As the weekend came to a conclusion and students departed from the lodge, it was clear they all took something meaningful away from the 5 Rivers Rendezvous. It wasn't the swag, the raffle prizes, or even the title of 1st place in the Iron Fly or photo hunt, but something truly special.

“We just started our club a year ago and are still struggling through the kinks of the process. So seeing what other clubs have done just inspires me to put the effort and dedication into advancing our own club.” says Audrey Adler, a sophomore at the University of Denver. “I also just loved seeing how many college anglers are out there that all share this passion for fly fishing. It’s one of the coolest communities I have become a part of, filled with people who share a love for life, the outdoors, fish and the environment."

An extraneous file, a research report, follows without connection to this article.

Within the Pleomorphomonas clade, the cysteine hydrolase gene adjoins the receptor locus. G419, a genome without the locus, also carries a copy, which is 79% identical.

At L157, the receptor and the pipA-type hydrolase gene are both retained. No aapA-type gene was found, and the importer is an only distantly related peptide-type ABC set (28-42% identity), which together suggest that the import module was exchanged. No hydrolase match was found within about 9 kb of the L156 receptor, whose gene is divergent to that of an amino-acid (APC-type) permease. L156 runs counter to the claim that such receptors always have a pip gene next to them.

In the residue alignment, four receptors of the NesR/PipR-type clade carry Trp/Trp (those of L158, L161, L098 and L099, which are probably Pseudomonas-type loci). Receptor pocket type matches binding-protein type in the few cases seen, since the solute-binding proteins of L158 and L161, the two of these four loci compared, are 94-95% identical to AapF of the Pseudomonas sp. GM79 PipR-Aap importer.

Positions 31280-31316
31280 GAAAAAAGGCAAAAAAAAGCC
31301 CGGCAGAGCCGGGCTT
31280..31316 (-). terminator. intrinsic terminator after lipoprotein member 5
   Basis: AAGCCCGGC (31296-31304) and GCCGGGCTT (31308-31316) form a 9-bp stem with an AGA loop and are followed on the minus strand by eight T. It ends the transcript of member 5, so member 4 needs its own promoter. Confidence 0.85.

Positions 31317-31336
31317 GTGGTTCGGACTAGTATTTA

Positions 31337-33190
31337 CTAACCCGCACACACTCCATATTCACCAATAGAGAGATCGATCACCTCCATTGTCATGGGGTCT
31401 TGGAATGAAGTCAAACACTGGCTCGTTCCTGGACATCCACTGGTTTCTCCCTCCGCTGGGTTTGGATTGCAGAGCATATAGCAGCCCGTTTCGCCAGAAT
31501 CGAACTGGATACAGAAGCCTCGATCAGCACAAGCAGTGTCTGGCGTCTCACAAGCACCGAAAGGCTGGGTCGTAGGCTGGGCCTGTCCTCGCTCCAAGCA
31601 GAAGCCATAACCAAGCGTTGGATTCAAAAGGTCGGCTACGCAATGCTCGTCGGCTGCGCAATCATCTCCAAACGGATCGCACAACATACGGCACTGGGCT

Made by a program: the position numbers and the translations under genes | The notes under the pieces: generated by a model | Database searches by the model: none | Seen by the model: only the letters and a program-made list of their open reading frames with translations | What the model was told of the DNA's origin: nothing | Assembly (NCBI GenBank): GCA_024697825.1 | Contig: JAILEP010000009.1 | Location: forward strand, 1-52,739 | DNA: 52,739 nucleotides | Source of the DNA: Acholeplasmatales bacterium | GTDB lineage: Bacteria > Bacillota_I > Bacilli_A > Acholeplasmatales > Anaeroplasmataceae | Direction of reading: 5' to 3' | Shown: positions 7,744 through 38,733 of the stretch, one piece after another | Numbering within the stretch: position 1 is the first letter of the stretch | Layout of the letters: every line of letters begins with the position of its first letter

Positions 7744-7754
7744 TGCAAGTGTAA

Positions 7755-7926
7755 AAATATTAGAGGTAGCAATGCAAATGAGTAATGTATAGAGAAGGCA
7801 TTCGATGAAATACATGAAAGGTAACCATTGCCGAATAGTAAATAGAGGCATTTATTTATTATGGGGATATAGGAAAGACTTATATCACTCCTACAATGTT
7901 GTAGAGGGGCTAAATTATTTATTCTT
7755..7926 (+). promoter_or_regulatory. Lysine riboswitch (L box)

And it wasn’t just the students: “As 5 Rivers was gaining momentum in Colorado, Colorado Trout Unlimited (CTU) started the Rendezvous as a way to get all of the clubs together” said Garrett Hanks, the former CTU Youth Education Coordinator and event volunteer. "Back then we had less than 20 [attendees] the first year, and now we have over 60 which is pretty cool."

In addition to this amazing growth, what was really inspiring to me was what Garrett said after. “I came to the 5 Rivers Rendezvous this year and saw students who attended the CTU Youth Camp, TU Teen Summit, and then came back as the leaders of these clubs which is pretty fulfilling to see. They are going to be the TU Leaders of tomorrow...”

It appears that the future of the great sport of fly fishing and conservation is bright.

For more pictures from the event, head over to the Flymen Fishing Company blog http://flymenfishingcompany.com/blogs/blog/99587201-pushing-fly-fishing-....